In April, Halifax’s Floodland released It’s The Fire, which featured the single “Old School,” a perfectly named rock jam for this four-piece rock band. Across the universe of their releases, Floodland brings classic pop sounds into modern indie rock, like a revolver.
To shake it up, baby, Floodland’s been covering legendary Beatles songs in live performances. With other modern songs, Floodland might be the city's best Beatles cover band.
Tonight at The Carleton Bar & Grill ($5, 9:30pm), Floodland will play their original jams, plus some Radiohead, Alvvways and Morrissey covers. But they’ll also play the entirety of Abbey Road, an album that’s iconic not just for its artwork, but as the last recorded record by the band (recorded after the already tracked but later released finale, Let It Be). Abbey features the most of George Harrison’s Moog synth; it's the first album without a cohesive narrative; it’s the last with a Ringo Starr solo. It might not be your favourite one, but it's so heavy.
I talked to Lauchie Headrick, Floodland’s Macca, to get the Mersey beat on tonight's show.
Q: I know you’re the Paul, but who in the band is each Beatle?
A: Deep down, I think we all wish we were Billy Preston *cue organ solo*
Q: Why Abbey Road? Why did you choose this album?
A: Abbey Road is just one of those albums, you know? A classic. We’ve all had a moment with it. Also, Abbey Road is the only album with “Octopus’s Garden," so it seemed like the logical choice.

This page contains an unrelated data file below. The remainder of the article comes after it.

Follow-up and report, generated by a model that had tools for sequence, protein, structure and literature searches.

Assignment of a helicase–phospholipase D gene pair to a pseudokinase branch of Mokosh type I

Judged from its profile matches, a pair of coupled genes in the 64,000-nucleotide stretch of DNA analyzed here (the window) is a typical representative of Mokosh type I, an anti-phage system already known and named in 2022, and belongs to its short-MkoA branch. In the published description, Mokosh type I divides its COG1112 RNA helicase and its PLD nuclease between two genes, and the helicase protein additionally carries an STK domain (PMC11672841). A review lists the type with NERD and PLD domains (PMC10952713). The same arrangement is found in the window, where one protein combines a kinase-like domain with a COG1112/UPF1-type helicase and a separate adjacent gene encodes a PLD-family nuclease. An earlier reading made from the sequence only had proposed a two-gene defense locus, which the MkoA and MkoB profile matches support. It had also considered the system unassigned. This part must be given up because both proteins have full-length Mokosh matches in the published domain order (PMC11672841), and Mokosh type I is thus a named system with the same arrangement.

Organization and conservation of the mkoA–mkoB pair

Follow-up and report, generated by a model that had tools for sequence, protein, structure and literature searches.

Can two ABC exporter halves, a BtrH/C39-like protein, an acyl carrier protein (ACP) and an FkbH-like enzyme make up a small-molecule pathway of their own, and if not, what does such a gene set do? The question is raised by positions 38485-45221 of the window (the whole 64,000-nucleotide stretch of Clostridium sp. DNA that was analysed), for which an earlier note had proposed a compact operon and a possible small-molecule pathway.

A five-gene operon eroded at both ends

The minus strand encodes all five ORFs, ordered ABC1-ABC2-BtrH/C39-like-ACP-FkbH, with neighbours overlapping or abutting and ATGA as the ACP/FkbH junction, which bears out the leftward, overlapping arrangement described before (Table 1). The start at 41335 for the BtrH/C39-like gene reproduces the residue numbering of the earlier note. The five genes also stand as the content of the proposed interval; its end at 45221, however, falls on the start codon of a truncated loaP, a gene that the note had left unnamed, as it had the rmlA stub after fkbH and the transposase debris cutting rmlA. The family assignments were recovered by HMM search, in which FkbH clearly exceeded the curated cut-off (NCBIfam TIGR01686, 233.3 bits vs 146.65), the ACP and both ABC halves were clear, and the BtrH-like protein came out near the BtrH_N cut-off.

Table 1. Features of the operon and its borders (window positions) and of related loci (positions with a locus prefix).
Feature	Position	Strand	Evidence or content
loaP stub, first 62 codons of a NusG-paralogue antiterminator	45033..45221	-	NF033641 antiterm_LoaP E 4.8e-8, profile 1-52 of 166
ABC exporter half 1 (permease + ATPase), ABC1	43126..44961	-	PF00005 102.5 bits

Q: Last month, you did Beatles Night at the Casino. What did you cover?
A: What didn’t we cover? We played about three hours worth of material, which equals out to about 3,245 songs. It was a magical evening. Journey was also playing at Alderney Landing and we could hear “Don’t Stop Believin’” across the water. The music gods were smiling on us that night.
Q: When did Floodland start following the sun as a Beatles cover band?
A: We’ve put this together about three or four times now. It started when we heard that The Stogies did a Rolling Stones tribute show. The Stogies are our rivals. We had to do something.
Q: Why do you think these songs are so precious almost 50 years later?
A: That's an excellent question, Adria, and I’m not sure I have the answer to it, but I think that it really says something (for itself) when a group of sweaty indie rockers in 2015 can dig into these songs from the 1960s and discover new sounds and inspirations.
Q: Any Beatles moments? Thousands of teens chasing you in alleys? Got a Yoko?
A: Typically, after a Beatles tribute show, the only people chasing you through alleys are thousands of old men wanting to discuss the bass line in “Something.” Occasionally, we get the odd blister on our finger. And we are now having open auditions for the role of Yoko. Please contact.